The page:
Uganda 10th Feb: Chimpanzees and a Boat Trip

This country has delivered yet another extraordinary day. We started nice and early, as we were off to try and find a group of Chimpanzees in Kyambura Gorge, below.

It was a very different experience to the gorilla trek. As the chimps move so fast through the forest. As a result, it’s impossible to keep up with them and you only have a 50/0 chance of seeing them. We were dashing around all over the place, stopping suddenly and turning back on ourselves, then rushing back to the main trail, almost running along it to get back to the bridge, so you could cross the river. All in all, a lot harder work!

I have to admit I had already given up as the forest was just so quiet, there was no sign of them at all. Until a huge racket broke out ahead of us. We’d been asked to wait, whilst our guide went ahead and apparently he’d walked straight into the group who were all on the ground, so they all fled into the canopy calling all the way.

Luckily they weren’t scared off completely and we were able to spend a long time (probably about an hour or so) with them.

The feeling we got from the gorillas was of gentle giants. You had no doubt about the sheer power of them (it was really quite intimidating) but you felt there was no chance (unless you did something extremely silly!) they would harm you in the slightest. The chimps howerever were all about relaxed nervous energy. Once we were with them, they called to each other regularly, a quite extraordinay sound, and they would appear to be extremely relaxed, grooming each other and then they could either slowly move off ambling down a track, or suddenly burst into action and dissapear from view in about 2 seconds.

It turned out to be yet another exceptional experience. As for the art, there are at least 3 pieces I’m thinking about, but I’ll come on to those in a later post.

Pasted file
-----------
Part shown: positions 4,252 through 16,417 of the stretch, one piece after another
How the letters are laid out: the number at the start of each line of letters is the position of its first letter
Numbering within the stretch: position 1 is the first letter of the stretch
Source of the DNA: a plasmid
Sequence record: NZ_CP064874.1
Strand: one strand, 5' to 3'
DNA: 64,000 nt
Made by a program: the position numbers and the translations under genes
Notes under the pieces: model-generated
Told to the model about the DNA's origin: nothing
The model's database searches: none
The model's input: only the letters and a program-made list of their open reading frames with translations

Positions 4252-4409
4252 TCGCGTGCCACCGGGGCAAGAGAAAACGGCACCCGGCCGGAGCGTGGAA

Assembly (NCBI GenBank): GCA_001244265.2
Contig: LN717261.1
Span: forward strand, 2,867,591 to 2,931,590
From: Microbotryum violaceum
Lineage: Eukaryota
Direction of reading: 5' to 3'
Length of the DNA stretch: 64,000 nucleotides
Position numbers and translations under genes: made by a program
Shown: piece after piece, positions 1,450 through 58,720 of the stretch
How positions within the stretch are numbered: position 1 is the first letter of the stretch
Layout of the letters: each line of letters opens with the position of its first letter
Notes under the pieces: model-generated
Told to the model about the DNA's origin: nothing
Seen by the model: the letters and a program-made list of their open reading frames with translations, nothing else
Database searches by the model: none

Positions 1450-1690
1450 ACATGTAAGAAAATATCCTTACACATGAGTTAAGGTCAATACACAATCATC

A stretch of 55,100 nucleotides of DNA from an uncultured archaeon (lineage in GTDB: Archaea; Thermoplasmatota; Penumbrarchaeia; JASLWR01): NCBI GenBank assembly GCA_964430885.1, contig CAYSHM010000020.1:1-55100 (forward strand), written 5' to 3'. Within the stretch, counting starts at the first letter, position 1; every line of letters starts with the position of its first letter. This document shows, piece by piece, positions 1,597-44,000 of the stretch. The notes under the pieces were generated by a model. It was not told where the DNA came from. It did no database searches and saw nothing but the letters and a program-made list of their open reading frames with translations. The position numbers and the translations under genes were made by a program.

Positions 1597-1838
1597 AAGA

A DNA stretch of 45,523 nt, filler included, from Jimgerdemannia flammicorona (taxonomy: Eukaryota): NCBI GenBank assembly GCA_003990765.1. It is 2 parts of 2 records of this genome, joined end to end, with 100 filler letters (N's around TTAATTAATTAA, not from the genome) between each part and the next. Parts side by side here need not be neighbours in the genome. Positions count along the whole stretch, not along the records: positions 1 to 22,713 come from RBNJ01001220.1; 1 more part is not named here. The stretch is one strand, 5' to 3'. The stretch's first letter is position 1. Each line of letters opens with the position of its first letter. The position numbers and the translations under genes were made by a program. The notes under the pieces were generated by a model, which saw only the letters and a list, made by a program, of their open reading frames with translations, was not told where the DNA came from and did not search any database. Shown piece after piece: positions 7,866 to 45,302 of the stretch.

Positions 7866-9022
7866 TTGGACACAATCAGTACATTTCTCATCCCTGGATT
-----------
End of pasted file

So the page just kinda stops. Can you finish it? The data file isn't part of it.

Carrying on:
Later on, we went on a boat trip along the nile to see the animals that were taking in the cool water during the heat of the day. We saw huge numbers of pied kingfishers.

Hippo, buffalo, who knows how many species of bird, and many other things.

The thing that made the biggest impression on us though, were the elephants. There really were huge numbers of them across many herds and it was the sence of community that came across more than anything else. The lone, huge bull elephant, has a power unlike anything else and I’m sure I will do a piece trying to capture this.

I will also have to do a piece showing this community. They are always gently touching each other, rummbling away to one another and generally hanging out spending time together. It really was a joy to watch and without any doubt very inspiring!

This is a bit of an issue, I think I’ve decided on the work I’m going to do, only to have things change as more wonders are openned up to us. Therefore, I’m now resigned to the fact I cannot make any final decisions until this extraordinary trip is over. We are spending a couple of days in Entebbe at the end of the trip, so I think that’s going to have to be when all the decisions will get made.

Thanks once again for reading all the way to the end and all the best.

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